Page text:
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A man with aniridia
SpecialtyMedical genetics Edit this on Wikidata

Aniridia is the absence of the iris, a muscular structure that opens and closes the pupil to allow light into the eye. It is also responsible for eye color. Without it, the central eye appears all black. It can be congenital, in which both eyes are usually involved, or caused by a penetrant injury.[1] Isolated aniridia is a congenital disorder that is not limited to a defect in iris development, but is a panocular condition with macular and optic nerve hypoplasia, cataract, and corneal changes.[2] Vision may be severely compromised and the disorder is frequently associated with some ocular complications: nystagmus, amblyopia, buphthalmos, and cataract.[1] Aniridia in some individuals occurs as part of a syndrome, such as WAGR syndrome (kidney nephroblastoma (Wilms tumour), genitourinary anomalies and intellectual disability), or Gillespie syndrome (cerebellar ataxia).


Phenotypic expression of aniridia with PAX6 gene mutation. The aniridic probands showed typical features of sclerocornea with nystagmus in proband 28–1 (A); Foveal hypoplasia in proband 27–1 (B); Ptosis, microcornea with dislocated cataractous lens in proband 10–1 (C); Ectopia lentis in proband 16–1 (D).

The AN2 region of the short arm of chromosome 11 (11p13) includes the PAX6 gene (named for its PAired boX status), whose gene product helps regulate a cascade of other genetic processes involved in the development of the eye (as well as other non-ocular structures).[3] This PAX6 gene is around 95% similar to the pax gene found in zebrafish, a creature whose ancestors diverged from human evolutionary development around 400 million years ago. Thus the PAX6 gene is highly conserved across evolutionary lineages.

Defects in the PAX6 gene cause aniridia-like ocular defects in mice (as well as Drosophila). Aniridia is a heterozygous disorder, meaning that only one of the two chromosome 11 copies is affected. When both copies are altered (homozygous condition), the result is a uniformly fatal condition with near complete failure of entire eye formation. In 2001, two cases of homozygous aniridia patients were reported; the fetuses died prior to birth and had severe brain damage. In mice, homozygous small eye defect (mouse Pax-6) leads to loss of the eyes and nose and the murine fetuses sustain severe brain damage.[4]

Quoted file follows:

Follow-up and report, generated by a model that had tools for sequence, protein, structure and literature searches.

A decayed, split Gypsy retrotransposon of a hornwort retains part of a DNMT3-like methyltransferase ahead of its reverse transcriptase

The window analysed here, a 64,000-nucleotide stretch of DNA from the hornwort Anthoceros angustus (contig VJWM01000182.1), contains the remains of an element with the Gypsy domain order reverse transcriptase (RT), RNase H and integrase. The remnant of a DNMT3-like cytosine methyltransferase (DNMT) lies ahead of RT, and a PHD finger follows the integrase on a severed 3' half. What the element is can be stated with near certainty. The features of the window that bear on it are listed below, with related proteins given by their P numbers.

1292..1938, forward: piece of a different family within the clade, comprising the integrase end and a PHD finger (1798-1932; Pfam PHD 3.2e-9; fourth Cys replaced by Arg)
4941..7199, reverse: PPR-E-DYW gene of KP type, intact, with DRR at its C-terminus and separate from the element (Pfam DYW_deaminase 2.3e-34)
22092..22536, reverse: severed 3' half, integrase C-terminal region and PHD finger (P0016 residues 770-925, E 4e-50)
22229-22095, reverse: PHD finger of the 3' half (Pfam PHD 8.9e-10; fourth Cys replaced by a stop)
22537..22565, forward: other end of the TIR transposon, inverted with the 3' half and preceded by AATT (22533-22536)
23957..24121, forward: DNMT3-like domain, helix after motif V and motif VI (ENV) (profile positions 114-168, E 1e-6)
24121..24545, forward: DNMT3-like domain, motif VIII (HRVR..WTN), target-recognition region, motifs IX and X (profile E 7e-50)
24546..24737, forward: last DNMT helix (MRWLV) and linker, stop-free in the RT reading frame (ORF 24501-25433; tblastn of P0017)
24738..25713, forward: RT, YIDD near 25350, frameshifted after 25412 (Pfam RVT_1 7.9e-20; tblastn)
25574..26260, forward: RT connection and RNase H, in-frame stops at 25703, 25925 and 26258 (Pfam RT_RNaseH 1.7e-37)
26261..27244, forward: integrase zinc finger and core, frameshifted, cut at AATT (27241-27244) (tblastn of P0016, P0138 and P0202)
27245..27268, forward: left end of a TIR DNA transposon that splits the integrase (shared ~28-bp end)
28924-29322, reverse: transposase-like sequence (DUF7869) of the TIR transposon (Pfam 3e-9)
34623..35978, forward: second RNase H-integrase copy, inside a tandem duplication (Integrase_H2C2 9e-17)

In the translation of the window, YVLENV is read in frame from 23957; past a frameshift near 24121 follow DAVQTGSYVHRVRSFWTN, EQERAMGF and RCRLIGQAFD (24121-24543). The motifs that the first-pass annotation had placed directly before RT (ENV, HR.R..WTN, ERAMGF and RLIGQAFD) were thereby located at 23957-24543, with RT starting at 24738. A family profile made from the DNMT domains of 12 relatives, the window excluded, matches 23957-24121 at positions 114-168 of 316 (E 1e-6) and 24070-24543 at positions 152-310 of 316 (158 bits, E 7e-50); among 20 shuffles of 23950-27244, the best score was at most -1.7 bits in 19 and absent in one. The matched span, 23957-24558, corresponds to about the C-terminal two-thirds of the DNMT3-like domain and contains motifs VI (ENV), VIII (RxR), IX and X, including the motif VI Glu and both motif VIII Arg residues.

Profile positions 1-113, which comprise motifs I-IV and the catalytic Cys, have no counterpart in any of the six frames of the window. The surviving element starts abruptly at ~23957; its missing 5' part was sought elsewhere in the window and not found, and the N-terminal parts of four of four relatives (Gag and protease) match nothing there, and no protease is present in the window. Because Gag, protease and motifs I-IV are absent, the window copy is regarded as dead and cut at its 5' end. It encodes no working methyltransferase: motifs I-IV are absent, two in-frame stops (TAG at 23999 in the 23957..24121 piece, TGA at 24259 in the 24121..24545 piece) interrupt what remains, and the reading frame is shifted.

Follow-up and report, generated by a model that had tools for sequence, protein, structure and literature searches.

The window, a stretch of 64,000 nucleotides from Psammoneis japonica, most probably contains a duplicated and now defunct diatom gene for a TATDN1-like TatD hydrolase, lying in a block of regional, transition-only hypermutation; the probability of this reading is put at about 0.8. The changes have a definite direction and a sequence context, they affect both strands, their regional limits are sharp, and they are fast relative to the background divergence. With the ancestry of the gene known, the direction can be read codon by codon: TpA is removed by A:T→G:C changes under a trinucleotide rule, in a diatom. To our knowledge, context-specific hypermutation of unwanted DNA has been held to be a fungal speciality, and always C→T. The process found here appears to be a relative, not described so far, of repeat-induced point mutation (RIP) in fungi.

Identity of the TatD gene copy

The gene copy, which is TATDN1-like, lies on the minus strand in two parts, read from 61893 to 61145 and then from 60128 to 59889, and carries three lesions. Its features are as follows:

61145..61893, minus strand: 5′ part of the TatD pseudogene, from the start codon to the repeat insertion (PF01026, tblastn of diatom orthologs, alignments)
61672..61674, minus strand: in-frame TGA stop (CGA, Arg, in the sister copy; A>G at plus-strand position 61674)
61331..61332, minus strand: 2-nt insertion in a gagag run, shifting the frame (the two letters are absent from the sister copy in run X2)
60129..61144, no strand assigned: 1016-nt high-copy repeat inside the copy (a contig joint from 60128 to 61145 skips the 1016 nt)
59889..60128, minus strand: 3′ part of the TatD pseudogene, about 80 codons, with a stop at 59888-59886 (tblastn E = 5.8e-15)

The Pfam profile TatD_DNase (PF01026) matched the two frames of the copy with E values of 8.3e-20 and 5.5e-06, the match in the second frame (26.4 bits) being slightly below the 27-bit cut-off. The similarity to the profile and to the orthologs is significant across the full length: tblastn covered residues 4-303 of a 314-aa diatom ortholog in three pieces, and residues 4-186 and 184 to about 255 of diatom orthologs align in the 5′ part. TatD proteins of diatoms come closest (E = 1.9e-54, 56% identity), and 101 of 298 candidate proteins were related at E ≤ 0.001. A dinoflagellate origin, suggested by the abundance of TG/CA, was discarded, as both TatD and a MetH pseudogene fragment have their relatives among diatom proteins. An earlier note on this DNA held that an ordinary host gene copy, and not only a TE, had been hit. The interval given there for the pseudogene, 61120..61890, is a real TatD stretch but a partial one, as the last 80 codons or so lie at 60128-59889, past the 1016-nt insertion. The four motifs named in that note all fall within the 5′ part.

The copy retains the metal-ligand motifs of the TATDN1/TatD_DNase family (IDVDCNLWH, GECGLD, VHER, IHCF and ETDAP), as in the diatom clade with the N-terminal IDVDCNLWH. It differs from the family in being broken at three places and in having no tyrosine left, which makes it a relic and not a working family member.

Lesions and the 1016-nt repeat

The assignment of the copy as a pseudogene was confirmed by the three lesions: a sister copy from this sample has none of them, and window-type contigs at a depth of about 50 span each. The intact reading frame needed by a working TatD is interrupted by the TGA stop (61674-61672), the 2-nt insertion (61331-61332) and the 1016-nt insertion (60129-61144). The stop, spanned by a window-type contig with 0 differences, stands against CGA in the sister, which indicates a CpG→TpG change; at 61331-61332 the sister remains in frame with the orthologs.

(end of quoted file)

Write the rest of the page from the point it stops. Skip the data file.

Aniridia may be broadly divided into hereditary and sporadic forms. Hereditary aniridia is usually transmitted in an autosomal dominant manner (each offspring has a 50% chance of being affected), although rare autosomal recessive forms (such as Gillespie syndrome) have also been reported. Sporadic aniridia mutations may affect the WT1 region adjacent to the AN2 aniridia region, causing a kidney cancer called nephroblastoma (Wilms tumor). These patients often also have genitourinary abnormalities and intellectual disability (WAGR syndrome).

Several different mutations may affect the PAX6 gene. Some mutations appear to inhibit gene function more than others, with subsequent variability in the severity of the disease. Thus, some aniridic individuals are only missing a relatively small amount of iris, do not have foveal hypoplasia, and retain relatively normal vision. Presumably, the genetic defect in these individuals causes less "heterozygous insufficiency," meaning they retain enough gene function to yield a milder phenotype.

Mutational analysis[edit]

Molecular (DNA) testing for PAX6 gene mutations (by sequencing of the entire coding region and deletion/duplication analysis) is available for isolated aniridia and the Gillespie syndrome. For the WAGR syndrome, high-resolution cytogenetic analysis and fluorescence in situ hybridization (FISH) can be utilized to identify deletions within chromosome band 11p13, where both the PAX6 and WT1 genes are located. [5]


Aniridia can cause many symptoms, such as:

  • Poor vision (not always present)
  • More sensitivity to light
  • Fast, uncontrolled, shaking "to and from" eye movements (nystagmus)
  • Eyes don't line up (strabismus)[6]


In May 2018, the U.S. Food and Drug Administration approved the CustomFlex Artificial Iris, the first synthetic iris for use in adults and children with congenital aniridia or iris defects related to other conditions, such as albinism, traumatic injury, or surgical removal due to ocular melanoma. The artificial iris is a surgically implanted device made of thin, foldable, medical-grade silicone and is custom-sized and colored for each individual patient. The prosthetic iris is held in place by the anatomical structures of the eye or, if needed, by sutures.[7]

See also[edit]


  1. ^ a b Lang, K (2007). Ophthalmology: A Pocket Textbook Atlas (2nd ed.). Thieme. p. 208. ISBN 978-1-58890-555-0.
  2. ^ Singh, Daljit; Arun Verma (17 January 2008). "Aniridia". eMedicine. Retrieved 2 February 2010.
  3. ^ Lee H, Khan R, O'Keefe M (November 2008). "Aniridia: current pathology and management". Acta Ophthalmol. 86 (7): 708–15. doi:10.1111/j.1755-3768.2008.01427.x. PMID 18937825. S2CID 2476524.
  4. ^ Gehring, W. J. (2001). "The genetic control of eye development and its implications for the evolution of various eye-types". Zoology. 104 (3–4): 171–181. doi:10.1078/0944-2006-00022. PMID 16351831.
  5. ^ Neethirajan G, Solomon A, Krishnadas SR, Vijayalakshmi P, Sundaresan P (2009). "Genotype/phenotype association in Indian congenital aniridia". Indian J Pediatr. 76 (5): 513–517. doi:10.1007/s12098-009-0075-4. PMID 19390808. S2CID 29062682.{{cite journal}}: CS1 maint: multiple names: authors list (link)
  6. ^ "Articles". Cedars-Sinai. Archived from the original on 2020-05-30. Retrieved 2022-02-10.
  7. ^ "FDA OKs First Artificial Iris for Aniridia, Other Iris Defects". Medscape.

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